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DescriptionAbnormal systemic release of muscle contents—creatine phosphokinase (CPK), myoglobin, potassium, phosphate, urate—caused by trauma, poisoning, infection, primary muscle disorders, and many other disease states. Complications include:
- Myoglobin-induced renal failure in 15–50% adults, only 5% in children
- Hyperkalemia may lead to sudden death
- Hypocalcemia and acidosis
- Volume loss—fluid sequestration in injured muscle or result of underlying illness
- Compartment syndrome of muscles in crush, worsened by IV fluid sequestration in damaged tissue
- Hepatic dysfunction in 25%
- DIC (Disseminated intravascular coagulation)
- 26,000 per year in US
- Disaster situations lead to 100s of cases of renal failure.
- Inherited myopathy
- Alcohol or drug use
- Medications as listed below
- Overexertion with or without risk factors
- Sarcolemma keeps intracellular calcium low.
- Etiologies disrupt cell membrane and lead to following cascade.
- Breakdown of sarcolemma Na–Ca pumps allows calcium to enter cell.
- Calcium-dependent proteases cause destruction.
- Ischemia and neutrophils cause damage.
- Escape of cell contents: Myoglobin, potassium, phosphate, CPK, lactate, etc.
- Myoglobin causes renal damage by direct toxicity in acidic urine.
- Myoglobin precipitates with other proteins to obstruct renal tubular flow.
- Volume depletion also leads to renal vasoconstriction and failure.
- Hyperkalemia can lead to arrhythmias.
- Calcium precipitates with phosphate, leading to systemic hypocalcemia.
EtiologyCause usually obvious, but not always.
Adults: Trauma, toxicity, infection
Children: Viral myositis, trauma
- Muscle injury—due to trauma/crush, burn, electrical shock—most common cause overall.
- Muscle exertion: Strenuous exercise; marathon running; exercise in hot, humid conditions; exercise in individuals with an inherited myopathy or with poor physical training; status epilepticus; delirium tremens; tetanus; psychotic agitation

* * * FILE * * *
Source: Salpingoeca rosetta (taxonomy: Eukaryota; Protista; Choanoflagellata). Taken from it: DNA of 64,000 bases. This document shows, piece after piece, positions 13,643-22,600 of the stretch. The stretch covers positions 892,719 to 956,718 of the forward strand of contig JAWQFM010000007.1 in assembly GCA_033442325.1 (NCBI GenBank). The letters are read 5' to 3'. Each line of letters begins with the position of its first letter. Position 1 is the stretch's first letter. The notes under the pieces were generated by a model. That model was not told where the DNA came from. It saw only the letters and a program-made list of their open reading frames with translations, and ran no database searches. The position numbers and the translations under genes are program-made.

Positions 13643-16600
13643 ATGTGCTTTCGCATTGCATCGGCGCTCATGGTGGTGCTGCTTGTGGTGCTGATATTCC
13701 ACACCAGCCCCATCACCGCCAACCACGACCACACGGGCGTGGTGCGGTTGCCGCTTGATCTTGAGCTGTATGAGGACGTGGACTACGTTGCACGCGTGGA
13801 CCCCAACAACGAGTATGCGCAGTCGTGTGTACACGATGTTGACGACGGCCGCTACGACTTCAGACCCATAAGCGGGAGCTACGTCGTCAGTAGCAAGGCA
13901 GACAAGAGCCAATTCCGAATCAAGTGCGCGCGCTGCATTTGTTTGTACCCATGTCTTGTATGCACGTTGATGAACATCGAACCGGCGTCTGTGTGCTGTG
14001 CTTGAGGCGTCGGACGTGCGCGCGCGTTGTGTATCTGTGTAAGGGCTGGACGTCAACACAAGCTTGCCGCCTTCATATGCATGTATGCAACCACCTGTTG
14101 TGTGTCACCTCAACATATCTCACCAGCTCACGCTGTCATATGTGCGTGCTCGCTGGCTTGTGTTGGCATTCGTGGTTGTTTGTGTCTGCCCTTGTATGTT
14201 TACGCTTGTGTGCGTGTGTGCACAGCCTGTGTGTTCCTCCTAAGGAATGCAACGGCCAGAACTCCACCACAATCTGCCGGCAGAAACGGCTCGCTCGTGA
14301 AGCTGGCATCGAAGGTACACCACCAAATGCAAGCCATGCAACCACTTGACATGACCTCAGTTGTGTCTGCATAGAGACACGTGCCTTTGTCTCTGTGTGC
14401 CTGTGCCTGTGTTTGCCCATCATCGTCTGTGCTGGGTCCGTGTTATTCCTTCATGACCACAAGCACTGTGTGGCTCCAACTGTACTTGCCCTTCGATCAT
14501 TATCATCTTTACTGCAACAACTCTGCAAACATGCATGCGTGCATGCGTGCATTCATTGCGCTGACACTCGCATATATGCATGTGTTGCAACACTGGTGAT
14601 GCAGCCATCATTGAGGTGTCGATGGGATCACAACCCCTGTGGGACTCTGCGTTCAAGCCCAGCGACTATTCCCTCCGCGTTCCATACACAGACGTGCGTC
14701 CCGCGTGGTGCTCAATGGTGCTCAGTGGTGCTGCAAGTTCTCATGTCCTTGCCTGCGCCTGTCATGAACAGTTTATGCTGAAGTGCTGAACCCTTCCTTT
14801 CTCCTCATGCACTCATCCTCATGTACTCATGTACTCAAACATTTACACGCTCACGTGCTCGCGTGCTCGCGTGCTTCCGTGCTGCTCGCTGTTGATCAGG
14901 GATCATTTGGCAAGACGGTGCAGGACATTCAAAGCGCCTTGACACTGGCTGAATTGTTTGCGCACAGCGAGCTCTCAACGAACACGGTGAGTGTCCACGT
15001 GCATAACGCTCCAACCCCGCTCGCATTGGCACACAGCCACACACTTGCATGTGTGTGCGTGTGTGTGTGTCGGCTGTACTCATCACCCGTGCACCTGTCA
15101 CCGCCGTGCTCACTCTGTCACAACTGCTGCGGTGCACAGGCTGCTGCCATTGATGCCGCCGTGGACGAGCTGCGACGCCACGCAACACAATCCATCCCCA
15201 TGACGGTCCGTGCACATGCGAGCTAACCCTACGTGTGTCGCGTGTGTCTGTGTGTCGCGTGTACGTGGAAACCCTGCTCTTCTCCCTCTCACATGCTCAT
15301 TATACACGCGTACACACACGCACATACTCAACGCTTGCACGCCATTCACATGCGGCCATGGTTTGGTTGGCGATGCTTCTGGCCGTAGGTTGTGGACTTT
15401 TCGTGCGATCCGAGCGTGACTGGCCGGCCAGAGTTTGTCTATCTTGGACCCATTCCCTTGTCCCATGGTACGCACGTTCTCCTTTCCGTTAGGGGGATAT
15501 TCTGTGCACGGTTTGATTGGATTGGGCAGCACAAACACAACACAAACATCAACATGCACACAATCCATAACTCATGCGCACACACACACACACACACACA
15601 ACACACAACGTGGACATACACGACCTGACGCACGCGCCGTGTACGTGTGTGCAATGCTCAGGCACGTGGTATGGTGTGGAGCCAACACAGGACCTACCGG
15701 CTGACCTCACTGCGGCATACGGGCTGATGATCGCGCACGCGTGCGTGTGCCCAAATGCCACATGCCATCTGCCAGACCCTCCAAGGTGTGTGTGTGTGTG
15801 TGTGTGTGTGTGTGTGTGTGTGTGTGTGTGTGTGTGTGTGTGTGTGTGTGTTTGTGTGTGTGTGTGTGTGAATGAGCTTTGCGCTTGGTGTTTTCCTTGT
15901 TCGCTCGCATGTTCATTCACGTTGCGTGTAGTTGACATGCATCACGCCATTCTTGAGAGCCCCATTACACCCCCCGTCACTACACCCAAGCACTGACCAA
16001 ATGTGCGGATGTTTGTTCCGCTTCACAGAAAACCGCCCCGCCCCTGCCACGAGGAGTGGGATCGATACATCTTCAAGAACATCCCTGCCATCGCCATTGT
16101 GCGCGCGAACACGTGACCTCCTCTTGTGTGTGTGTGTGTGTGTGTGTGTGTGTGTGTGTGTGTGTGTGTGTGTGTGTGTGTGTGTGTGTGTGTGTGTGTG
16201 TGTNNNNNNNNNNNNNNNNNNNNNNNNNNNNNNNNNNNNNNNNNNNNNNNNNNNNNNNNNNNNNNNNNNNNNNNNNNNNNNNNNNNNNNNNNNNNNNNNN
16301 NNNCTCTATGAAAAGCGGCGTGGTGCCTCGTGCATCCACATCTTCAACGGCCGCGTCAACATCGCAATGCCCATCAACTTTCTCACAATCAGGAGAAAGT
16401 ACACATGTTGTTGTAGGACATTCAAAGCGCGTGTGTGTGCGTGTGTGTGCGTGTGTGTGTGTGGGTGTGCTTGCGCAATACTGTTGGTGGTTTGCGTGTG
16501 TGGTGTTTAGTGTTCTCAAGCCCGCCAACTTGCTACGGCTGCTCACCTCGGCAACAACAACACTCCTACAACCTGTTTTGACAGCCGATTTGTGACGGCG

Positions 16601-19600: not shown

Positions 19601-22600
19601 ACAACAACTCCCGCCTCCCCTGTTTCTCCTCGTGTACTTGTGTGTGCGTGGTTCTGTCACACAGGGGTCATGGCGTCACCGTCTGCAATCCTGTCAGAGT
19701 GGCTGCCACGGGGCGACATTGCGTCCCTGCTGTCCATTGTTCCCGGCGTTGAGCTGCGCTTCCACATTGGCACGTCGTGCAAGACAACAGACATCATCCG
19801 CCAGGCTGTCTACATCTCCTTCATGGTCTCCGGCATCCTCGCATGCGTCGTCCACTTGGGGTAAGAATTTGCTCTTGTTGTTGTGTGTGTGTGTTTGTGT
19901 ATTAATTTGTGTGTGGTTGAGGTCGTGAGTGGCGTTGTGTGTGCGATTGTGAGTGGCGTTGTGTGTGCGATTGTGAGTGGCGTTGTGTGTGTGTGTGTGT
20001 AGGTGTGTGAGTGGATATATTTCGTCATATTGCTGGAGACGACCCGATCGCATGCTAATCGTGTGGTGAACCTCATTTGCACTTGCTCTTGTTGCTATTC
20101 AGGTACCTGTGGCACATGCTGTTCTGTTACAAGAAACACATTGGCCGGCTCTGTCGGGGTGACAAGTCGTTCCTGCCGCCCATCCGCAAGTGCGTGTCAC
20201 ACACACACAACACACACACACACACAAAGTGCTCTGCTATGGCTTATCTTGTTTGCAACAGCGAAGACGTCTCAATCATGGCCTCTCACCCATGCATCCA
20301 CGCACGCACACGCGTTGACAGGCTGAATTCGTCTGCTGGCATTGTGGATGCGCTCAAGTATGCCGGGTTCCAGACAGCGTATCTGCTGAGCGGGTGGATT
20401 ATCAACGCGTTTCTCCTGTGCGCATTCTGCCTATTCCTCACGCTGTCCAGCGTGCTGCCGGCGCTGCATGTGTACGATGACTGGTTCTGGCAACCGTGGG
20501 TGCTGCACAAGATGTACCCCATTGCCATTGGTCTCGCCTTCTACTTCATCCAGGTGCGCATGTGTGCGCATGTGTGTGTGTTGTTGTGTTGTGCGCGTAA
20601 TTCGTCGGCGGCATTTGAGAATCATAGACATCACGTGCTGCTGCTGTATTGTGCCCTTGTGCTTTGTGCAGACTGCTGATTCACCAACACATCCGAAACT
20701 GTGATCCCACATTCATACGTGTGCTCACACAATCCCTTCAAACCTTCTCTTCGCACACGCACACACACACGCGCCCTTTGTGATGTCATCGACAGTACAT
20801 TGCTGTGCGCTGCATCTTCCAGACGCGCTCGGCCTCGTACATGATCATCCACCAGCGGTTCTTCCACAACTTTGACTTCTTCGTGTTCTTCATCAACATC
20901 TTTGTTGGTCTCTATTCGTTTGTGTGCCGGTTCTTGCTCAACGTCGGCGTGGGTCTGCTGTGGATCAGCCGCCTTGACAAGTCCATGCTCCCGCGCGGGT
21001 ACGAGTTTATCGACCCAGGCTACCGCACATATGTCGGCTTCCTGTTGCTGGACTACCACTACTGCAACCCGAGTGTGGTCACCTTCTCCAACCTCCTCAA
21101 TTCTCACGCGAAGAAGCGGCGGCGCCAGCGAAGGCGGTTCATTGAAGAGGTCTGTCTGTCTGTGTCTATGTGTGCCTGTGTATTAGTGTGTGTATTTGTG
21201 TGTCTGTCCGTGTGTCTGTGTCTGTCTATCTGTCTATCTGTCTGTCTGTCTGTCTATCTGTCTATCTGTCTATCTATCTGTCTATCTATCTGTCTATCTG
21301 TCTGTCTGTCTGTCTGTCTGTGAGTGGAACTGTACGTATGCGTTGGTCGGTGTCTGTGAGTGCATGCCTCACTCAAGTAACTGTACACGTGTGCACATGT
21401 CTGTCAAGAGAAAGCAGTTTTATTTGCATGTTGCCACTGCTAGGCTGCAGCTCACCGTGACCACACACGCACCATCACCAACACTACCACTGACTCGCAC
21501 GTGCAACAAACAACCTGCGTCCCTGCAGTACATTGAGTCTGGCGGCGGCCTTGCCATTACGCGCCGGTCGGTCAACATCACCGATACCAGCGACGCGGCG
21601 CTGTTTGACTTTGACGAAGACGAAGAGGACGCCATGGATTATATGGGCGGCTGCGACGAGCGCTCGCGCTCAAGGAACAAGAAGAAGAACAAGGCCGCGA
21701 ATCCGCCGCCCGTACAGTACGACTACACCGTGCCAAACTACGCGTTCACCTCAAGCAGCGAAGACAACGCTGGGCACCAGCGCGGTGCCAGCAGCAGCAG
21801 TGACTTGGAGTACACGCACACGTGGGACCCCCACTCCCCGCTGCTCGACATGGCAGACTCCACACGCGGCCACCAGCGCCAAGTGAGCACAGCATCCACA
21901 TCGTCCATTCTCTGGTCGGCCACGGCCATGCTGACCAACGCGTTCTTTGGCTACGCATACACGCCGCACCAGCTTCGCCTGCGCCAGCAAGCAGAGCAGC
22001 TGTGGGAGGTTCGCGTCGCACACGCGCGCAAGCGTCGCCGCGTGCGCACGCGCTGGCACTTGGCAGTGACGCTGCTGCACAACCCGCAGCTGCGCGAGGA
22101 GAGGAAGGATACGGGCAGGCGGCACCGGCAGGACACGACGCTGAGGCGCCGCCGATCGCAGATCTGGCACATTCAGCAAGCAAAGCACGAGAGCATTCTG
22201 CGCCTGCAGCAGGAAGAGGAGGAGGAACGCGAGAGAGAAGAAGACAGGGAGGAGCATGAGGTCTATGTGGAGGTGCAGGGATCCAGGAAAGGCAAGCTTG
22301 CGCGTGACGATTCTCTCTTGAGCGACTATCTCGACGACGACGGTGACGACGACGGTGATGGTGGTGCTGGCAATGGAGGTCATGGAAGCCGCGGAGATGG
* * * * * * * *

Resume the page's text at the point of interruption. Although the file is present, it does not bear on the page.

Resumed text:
- Muscle ischemia: Extensive thrombosis, multiple embolism, generalized shock, sickle cell crisis
- Surgery: Immobilization, hypotension, ischemia due to vessel clamping
- Massive blood transfusion
- Hypothermia, hyperthermia
- Prolonged immobile state without trauma
- Drugs/toxins: Alcohols, cocaine, amphetamines, and analogs (methamphetamine and ecstasy), toluene, opiates, LSD, phencyclidine (PCP), caffeine, carbon monoxide, snake venom, bee/hornet venom, hemlock, buffalo fish, tetanus toxin, mushroom poisoning (Tricholoma equestre)
- Medications: Most common—haloperidol, phenothiazines, HMG–CoA reductase inhibitors (statins) and other cholesterol-lowering agents, antihistamines, selective serotonin receptor inhibitors (SSRIs).
- Sports supplements including ephedra, caffeine, androgenic steroids, creatine, diuretics
- Neuroleptic malignant syndrome (idiosyncratic and not dose-related)
- Metabolic disorders: Hypokalemia, hypophosphatemia, hypocalcemia, hyper- and hyponatremia, diabetic ketoacidosis, hyperosmolar state, hypoxia, hyperthyroid state (rare), pheochromocytoma (rare)
- Viral: Coxsackievirus, herpesviruses, HIV, influenza B, cytomegalovirus, Epstein–Barr virus, adeno/echovirus
- Bacterial: Legionnaires’ disease, pyomyositis, salmonellosis, shigellosis, Staphylococcus, Streptococcus, Listeria, tetanus, toxic shock syndrome, tularemia, gas gangrene, Bacillus cereus
- Parasitic (Plasmodium falciparum), protozoan (leptospirosis), rickettsial
- Inherited myopathic disorders: McArdle disease, Tarui disease, CPT deficiency.
- Immunologic disorders: Dermatomyositis, polymyositis
Commonly Associated Conditions
- Crush syndrome
- Compartment syndrome
- Alcohol and drug abuse
- Elderly and acutely immobile (found on floor)